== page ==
Cee’s Share Your World – July 16, 2018

I’m a big fan of questions and prompts as you’ve likely gathered by now. The Share Your World challenge invites us to share a few random bits of information in the form of answers to Cee’s questions of the week. This week’s questions are below. Visit the original entry to play along!

Since we are approaching the hottest part of our summer in the northern hemisphere, what’s your favorite ice-cream or sorbet flavor?

I can’t eat a lot of dairy – more than a little gives me a headache and sick stomach for the better part of a day afterward. But in the past several years, many dairy free alternatives have come out. I remember trying “Ice Bean” made with soy milk in the mid 90’s and finding it awful with a grainy texture and aftertaste. Now, though, some of the coconut milk based ones, in particular are really good.

But my absolute favourite would be lemon sorbet. There’s something about the tart flavour that is so refreshing.

How often do you people watch?

How often do I see people? I’m always people watching. I’m curious about everyone. Living in the city is especially good for this as there are always people doing surprising and interesting things. Someone might be dancing to their own music on the opposite platform, another person could be wearing a cool outfit. I might be touched by seeing a dad reading to his daughter on the subway or a stranger helping an old woman find her way in the city. You never know what you’ll see if you keep your eyes open out in the world. Sometimes, after watching them a bit it’s fun to go talk to them.

leonid

These guys are both named Leonid and come from Ukraine and played in the subway for many years. I haven’t seen them recently but interviewed them some time back

guitar

Mike loved playing on the subway. His happiest moment was watching a little girl dancing with wild abandon as he played. Soon after he had drawn such a huge crowd that they had to ask him to stop playing as the crowd was so big near the platform that it was a safety hazard.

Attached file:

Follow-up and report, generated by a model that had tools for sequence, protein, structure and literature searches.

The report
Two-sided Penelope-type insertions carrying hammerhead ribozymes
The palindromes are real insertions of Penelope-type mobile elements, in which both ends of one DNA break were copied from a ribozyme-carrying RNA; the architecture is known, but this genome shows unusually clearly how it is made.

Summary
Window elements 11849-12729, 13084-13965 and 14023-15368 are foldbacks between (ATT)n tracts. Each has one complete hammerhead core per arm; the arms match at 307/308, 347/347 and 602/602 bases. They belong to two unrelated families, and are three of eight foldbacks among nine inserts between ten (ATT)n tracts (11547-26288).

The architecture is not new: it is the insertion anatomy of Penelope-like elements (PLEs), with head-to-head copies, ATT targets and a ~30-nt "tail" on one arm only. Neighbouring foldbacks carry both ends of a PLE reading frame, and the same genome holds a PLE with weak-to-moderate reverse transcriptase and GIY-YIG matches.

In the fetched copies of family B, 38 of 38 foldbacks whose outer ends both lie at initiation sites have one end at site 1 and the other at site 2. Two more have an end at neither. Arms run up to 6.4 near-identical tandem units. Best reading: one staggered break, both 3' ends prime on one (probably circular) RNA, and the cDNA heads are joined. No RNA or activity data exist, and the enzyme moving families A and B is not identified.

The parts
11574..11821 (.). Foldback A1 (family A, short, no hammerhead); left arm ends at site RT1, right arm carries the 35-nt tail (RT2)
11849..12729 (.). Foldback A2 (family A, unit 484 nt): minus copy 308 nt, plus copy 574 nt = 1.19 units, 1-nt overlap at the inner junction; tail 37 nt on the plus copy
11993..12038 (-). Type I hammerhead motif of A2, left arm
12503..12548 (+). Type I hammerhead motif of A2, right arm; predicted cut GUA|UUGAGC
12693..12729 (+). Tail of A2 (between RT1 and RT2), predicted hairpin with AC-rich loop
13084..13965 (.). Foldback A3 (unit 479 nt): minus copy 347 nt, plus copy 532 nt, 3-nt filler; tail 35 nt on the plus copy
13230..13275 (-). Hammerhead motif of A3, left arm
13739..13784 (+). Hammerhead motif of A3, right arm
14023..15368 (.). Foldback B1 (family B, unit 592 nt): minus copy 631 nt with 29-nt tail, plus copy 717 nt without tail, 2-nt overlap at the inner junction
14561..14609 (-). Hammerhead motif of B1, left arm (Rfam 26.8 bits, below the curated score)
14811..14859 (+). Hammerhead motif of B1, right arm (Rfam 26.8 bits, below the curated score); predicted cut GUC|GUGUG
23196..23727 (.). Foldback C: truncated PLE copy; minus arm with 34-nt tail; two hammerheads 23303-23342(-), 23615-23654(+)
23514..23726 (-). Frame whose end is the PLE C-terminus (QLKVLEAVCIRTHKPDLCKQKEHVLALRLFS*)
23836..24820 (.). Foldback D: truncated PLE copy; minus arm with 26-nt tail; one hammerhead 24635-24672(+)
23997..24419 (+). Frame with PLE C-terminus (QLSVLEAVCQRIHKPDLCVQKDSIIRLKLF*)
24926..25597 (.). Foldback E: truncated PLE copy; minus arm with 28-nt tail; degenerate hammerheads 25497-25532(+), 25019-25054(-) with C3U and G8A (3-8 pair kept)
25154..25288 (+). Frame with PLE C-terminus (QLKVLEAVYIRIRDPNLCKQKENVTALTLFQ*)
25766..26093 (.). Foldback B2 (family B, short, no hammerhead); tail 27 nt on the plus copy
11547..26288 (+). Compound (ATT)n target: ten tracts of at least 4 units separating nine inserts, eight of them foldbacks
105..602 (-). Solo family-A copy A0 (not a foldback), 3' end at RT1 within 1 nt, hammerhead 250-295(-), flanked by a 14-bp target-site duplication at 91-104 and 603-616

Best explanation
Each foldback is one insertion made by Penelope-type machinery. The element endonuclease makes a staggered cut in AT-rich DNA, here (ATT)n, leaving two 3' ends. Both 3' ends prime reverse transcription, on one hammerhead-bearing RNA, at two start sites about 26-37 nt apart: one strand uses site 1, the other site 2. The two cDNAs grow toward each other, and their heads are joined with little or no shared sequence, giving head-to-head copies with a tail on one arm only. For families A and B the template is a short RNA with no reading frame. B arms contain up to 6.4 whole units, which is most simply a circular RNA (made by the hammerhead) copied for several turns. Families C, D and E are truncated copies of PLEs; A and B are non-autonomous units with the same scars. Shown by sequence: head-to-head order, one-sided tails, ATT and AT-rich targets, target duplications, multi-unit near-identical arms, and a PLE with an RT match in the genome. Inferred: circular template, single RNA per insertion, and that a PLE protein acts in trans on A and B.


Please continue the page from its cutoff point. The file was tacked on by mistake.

doin time

This is Scott from a band called “Doin’ Time” that used to perform great bluegrass in the subway along the lines of what you might have heard in “O Brother Where Art Thou?” On the day we talked, his friend wasn’t there. They hadn’t been playing together so often. I guess he escaped.

If you had a choice which would be your preference salt water beaches, fresh water lakes, ocean cruise, hot tub, ski resort or desert?

Salt water beaches for sure. We have one of the biggest lakes in the world just a short transit ride from home. It’s nice, but it can’t compare to sitting on a beach. A desert is a close second. But really, I love people (see the previous answer) so really, before any of those I’d take a city. Put me in a park filled with people, or a lively cafe and I’m happy.

What did you appreciate or what made you smile this past week? 

I have really appreciated Sage helping me stay on track this week. She’s been an “accountability partner – with teeth.”  The arrangement is simple: I make a list of things I want to get done in the day – Hindi study, work tasks, exercise, household chores. These must be done or I forfeit my spending money for the week. I can earn some of it back the usual way – but that’s not the only penalty. I also clean the cat litter box for at least two days. To me this is far worse than losing any sum of money. As you might imagine, facing that kind of consequence has meant that I am getting all sorts of things done. I’ve had the most productive week in recent memory on all fronts.

Advertisements

Tuesday Photo Challenge – Play